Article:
In Part One, I told you about this publisher’s writing prompt. I told you I decided to pass, even though it was a great opportunity. It nagged at me, though. I have written two Epic 400,000 word series. Why the heck couldn’t I do something with this picture?
I opened the web site back up. I stared at that picture. I was brutally aware that I was now two-weeks behind all those happy writers that seemed to be all over this story. I could do this. I stared at the picture some more. I put it on my desktop. Looked at it all the time. Thought about it all the time.
Had I lost my touch?
“Just do it,” my son says. “Just write it. Get it over with and see what happens.” I ground my teeth as my own words came back to haunt me. (See my previous post) Problem was… this was a publisher, not a fourth-grade teacher. They wouldn’t be happy with a “B”. This needed to be “A” grade work.
I had no idea where to start, so I used a trick that I’ve used in my novels when I’m not sure how to start a new chapter. I took the character in the picture— I knew nothing about her, just what she was wearing and a setting.
I sat down to my keyboard, and had her take a simple step. The wind whipped up around her. Her shoes got dirty in the mud. The air chilled her face… I engaged myself into her setting. I allowed myself to feel her.
You know what happened?
Within one paragraph, I knew who she was. I knew where she was going. I knew how she had to get there. I knew why she was going. I knew what she had to do. Her character snowballed in my mind.
Do have a story? Well, no. Not yet. I need more characters. I need to develop those characters. I need conflict. I need antagonists. I need explosions. I need overlying theme and plot.
But I had a start. And, to my surprise, I was suddenly interested in that woman in the picture.
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Way to go on getting started. AND feeling like you didn’t avoid something just because you had nothing. That happens to all of us. What happened to the lady in the picture? Did alligators try to eat her?
Oooooooooo. That’s it! I’ll replace my explosions with giant man-eating alligators!
Hurray! The deep end is no scarier than the shallow once you stop expecting to touch the bottom with your feet.
Hmmm. Very interesting thought. I will have to remember that. Will you be there to haul me out if I start to sink? 🙂
Actually, I’m an awesome swimmer.
Oh, Jennifer, go with your gut. Put in the explosions!
Ha! Everything is better with explosions. I haven’t met too many I don’t like.
I’m so glad you are sharing this. I thought I might be the only writer who can crank out novel drafts, but is stymied by a simple writing prompt. (And am I even a ‘writer’ if writing prompts are not my thing-yet? Gack, indeed!)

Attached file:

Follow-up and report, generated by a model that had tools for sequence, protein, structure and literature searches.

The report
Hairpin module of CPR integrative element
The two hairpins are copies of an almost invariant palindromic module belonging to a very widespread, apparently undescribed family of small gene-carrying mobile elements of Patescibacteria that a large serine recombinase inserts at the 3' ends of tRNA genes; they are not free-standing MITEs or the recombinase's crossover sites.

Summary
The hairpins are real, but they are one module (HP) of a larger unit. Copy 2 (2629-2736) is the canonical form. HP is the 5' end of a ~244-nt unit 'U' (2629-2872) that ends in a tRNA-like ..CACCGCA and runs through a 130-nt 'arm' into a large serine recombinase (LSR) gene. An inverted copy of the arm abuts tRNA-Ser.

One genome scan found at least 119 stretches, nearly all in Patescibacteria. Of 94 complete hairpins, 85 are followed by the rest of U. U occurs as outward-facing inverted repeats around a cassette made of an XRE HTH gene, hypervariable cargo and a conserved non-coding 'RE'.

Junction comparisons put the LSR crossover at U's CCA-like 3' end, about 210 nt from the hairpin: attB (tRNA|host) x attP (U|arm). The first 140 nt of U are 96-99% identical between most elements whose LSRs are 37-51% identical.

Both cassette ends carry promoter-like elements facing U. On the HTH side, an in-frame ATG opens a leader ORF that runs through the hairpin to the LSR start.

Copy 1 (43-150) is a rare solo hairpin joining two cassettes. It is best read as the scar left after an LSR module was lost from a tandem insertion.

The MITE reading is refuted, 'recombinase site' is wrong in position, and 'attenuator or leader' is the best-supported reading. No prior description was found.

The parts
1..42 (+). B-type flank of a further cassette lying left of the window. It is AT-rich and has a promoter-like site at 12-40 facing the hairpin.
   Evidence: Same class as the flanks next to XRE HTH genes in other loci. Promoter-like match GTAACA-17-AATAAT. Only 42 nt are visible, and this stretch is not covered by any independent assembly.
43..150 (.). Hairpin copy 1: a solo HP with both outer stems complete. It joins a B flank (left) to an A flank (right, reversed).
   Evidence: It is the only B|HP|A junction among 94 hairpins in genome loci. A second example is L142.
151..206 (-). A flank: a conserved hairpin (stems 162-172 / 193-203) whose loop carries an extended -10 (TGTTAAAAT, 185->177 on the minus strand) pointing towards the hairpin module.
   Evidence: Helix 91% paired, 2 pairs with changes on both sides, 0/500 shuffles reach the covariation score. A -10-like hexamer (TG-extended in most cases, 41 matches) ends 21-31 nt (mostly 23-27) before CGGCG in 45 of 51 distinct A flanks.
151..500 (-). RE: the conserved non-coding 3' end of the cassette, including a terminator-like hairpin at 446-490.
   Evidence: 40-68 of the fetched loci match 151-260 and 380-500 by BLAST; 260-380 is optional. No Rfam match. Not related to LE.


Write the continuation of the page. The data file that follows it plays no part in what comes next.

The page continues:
I hope that with practice I will overcome such obstacles, and so will you. I’m cheering for you! Keep at it, and I am certain a solution will emerge if you have faith that it is there.
Thanks, Kirsten! I don’t think it’s a problem if you have trouble with prompts. Different writers have different things that appeal to them.
Now you know what your son goes through in 4th grade-heehee:) Gotta love that muse!
His 4th grade homework is stuff I has doing in high school. Geeze.
Yea for you! That’s so fun when a character comes to life in your mind. That’s what I need to bring a story about–a strong character. So glad it happened for you. I’m sure all the staring at her helped immensely.
It’s funny how staring at the picture did nothing, but forcing her to take a step made her come alive in my mind.
Oh for that ah ha moment, Jennifer. Go for it full throttle and see what happens. “She” will guide you, so pay attention 🙂
Breaking the dam that holds back all the wonderful ideas and characters and plots is tough. But when we remember, as you did, that all we need is a crack—not an explosion—the task gets more manageable. Oh—and regular offerings of wine and chocolate to the Muse never hurt (or whatever strikes your Muses’s fancy 🙂 )
Good luck with the story!
Oh, chocolate is a definite help. There’s never enough chocolate at my desk.
I knew you could do it. I am being told all the time, to “just write”. Don’t overthink, don’t feel that you have to have it all worked out in your mind before you do it, just do it. Like Nike. 🙂
Yeah. I think I just needed to relax and let the pressure off.
Take a step… what a neat way to get into the character. Have fun getting to The End.
Wiggling your way to an ending is the fun part!
Well done Jen. Know your characters and the story will write itself, or so people say 🙂
You know, that’s actually true. Once you have a character, the world seems to just flow around them.
Woot, Jennifer! Somehow, I KNEW you’d continue with this challenge.
That son of yours is a gem! Can I borrow him for my writing slump days? Skype anyone?
Erm. Yes. I OWE you a ping-back post for your kind 7×7 award. It’s not that I don’t know you have many followers equally worthy. It’s not that I don’t appreciate you. What is it then, you ask?
I’m a dingbat.
Can’t wait to see how this turns out. Best of everything.
Thanks, Gloria. Dingbats anonymous starts Saturday.
I love it when the creative juices start to flow and you can’t turn them off. Good for you, Jen. I knew you could do it!
Yay for creepy ladies in red dresses!